Inspired by the Greensboro sit-ins, the Student Nonviolent Coordinating Committee (SNCC) began at Shaw University in 1960. Shaw, the oldest historically black university in the South, is around the corner from my son’s school so I often marvel at what those walls hold.  Julian Bond, a founding member of SNCC, was instrumental in the group’s organization and growth. Incidentally, he was my professor in college for a course that has moved me more than any other, the History of the Civil Rights Movement. Can you imagine a more apt teacher for such a class? Bond is honored at the International Civil Rights Center and Museum in its Hall of Fame.

My husband and son were recently there. This summer my husband has taken each of our sons for a sojourn of their choice within our state. My newly minted 10-year old son chose Greensboro and the International Civil Rights Center and Museum. I had visited there before with my older son so our youngest has been itching to reach double digits so he too could visit. He has studied the civil rights movement in school, and we have been to points all over Washington, D.C., including the Martin Luther King memorial on MLK Day. Yet my son was yearning to learn about the movement that sprouted so close to home.

He was not disappointed.

In fact, as all of us have experienced on our visits there, we left moved, angry, and motivated. We have a new appreciation for the ferocity of the civil rights leaders and the immense risks they took. We feel honored to have seen pieces of history firsthand. Imagine the lump in my throat seeing Julian Bond commemorated, a man whose lectures and stories riveted me at a time in my life when I was grasping to find my way and my own voice.

I am amazed at how few people we know have visited the International Civil Rights Center and Museum. We are lucky to have this bastion of history in our state. There are guided tours, speakers, children’s story time, and more. My son has already asked to go back. This time, in light of national news and a resurgence of civil rights discussions in my own family and across the country, we will experience the museum together with yet a new lens.

The International Civil Rights Center & Museum is an archival center, collecting museum and teaching facility devoted to the international struggle for civil and human rights. The Museum celebrates the nonviolent protests of the 1960 Greensboro sit-ins that served as a catalyst in the civil rights movement.”

The International Civil Rights Center & Museum is located in downtown Greensboro at 134 South Elm Street.

Hours:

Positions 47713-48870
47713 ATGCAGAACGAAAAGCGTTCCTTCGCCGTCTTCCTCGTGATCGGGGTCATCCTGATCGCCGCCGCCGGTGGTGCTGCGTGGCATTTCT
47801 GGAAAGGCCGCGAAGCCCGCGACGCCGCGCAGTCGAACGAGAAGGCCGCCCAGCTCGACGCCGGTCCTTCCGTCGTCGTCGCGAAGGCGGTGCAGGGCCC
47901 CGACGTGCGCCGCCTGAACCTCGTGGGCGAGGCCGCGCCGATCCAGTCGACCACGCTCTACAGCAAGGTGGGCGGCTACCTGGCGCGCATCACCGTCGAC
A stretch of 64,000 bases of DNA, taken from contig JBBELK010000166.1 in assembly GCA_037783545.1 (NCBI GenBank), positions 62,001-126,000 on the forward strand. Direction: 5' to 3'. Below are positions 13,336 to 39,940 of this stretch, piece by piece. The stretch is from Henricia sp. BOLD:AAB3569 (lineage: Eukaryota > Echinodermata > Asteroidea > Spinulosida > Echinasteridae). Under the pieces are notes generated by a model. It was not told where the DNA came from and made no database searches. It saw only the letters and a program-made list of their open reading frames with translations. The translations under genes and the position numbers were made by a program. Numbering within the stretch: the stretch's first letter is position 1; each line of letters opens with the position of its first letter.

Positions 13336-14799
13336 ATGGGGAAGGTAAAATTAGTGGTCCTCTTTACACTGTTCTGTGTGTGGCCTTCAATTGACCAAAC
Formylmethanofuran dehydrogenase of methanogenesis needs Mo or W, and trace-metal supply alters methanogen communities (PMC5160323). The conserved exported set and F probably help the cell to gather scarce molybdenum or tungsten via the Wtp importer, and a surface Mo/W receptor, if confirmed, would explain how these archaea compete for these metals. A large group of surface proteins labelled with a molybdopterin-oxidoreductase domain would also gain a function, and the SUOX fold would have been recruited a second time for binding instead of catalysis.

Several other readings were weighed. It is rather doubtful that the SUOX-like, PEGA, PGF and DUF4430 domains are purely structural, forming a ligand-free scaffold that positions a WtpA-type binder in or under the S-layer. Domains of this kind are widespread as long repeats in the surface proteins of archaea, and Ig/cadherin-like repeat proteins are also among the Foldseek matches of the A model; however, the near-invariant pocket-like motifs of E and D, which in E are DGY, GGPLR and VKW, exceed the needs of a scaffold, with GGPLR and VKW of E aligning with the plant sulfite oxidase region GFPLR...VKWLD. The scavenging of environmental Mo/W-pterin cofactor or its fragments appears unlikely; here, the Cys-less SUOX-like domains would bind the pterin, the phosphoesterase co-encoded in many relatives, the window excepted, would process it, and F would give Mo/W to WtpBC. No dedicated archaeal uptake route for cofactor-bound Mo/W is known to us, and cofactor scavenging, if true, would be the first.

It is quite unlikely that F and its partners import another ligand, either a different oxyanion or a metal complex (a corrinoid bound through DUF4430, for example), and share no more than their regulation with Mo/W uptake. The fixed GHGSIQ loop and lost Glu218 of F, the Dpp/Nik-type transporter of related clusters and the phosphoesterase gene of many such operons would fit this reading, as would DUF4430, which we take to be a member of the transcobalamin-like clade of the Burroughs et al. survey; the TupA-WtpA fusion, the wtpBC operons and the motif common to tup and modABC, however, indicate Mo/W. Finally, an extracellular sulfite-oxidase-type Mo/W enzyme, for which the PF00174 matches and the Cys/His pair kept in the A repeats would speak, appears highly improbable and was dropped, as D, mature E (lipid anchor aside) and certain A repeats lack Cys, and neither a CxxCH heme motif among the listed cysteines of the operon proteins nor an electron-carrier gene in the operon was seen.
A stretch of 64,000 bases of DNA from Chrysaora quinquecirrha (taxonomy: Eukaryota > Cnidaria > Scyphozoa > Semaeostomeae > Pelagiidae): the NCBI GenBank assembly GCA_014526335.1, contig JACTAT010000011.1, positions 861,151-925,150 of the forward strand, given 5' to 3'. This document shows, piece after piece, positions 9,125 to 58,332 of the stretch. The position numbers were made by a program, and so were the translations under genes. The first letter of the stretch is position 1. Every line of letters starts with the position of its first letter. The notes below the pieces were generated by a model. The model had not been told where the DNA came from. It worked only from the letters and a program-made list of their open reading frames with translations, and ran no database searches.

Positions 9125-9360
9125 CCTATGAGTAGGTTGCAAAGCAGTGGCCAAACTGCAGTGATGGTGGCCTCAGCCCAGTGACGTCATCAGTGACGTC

Summer (April – September)
Monday – Saturday 9:00 am – 6:00 pm
Sunday Closed

Winter (October – March)
Monday – Saturday 10:00 am – 6:00 pm
Sunday Closed

 

GUITAR: The Instrument That Rocked The World {Summer Adventure List}

Discovery Place science museum in Charlotte, NC, will always be one of my favorite places to visit in the Queen City. They consistently bring top tier exhibits to our area and I try to attend each one. I was more than pretty excited when they sent me an invitation for GUITAR: The Instrument That Rocked The World. I am an audiophile whose family is filled with musicians (bluegrass) and quite a few of my friends gig professionally in bands.

This traveling exhibit is truly one for every age group. GUITAR explores the history of the world’s most recognized musical instrument in this fully immersive exhibition that showcases nearly 100 historical artifacts, including more than 60 guitars. It has made my Summer Adventure List, not just because of the historical and scientific significance, also because so many schools are cutting funding for music eduction. (And if you know me and Ilina, you know how important education is to us.)

GUITAR: The Instrument that Rocked the World #HandmadeNC

When I walked in, it was wall to wall stringed instruments, along with performance video and audio, as well as hands-on interactive displays. I headed straight over to learn about guitar strings and after strumming each type, now realize why metal strings are preferred over plastic or catgut. The sound is so much better and the tone is clean and pure.

Science and Guitars

But Discovery Place is a science museum, why would they have this exhibit? Because so much of music and guitars have their basis in science. The human brain is uniquiely wired to remember musical patterns better than a series of numbers or letters. Researchers have found that seven times (i.e. numbers, facts, letters, etc.) are about the maximum that most people can keep in their memory. The exception to this is music. Much of popular music is built on riffs, which are groupings of notes that are repeated throughout a song. Our mental ability to embrace musical patterns allows us to remember long riffs when we can’t remember that many numbers.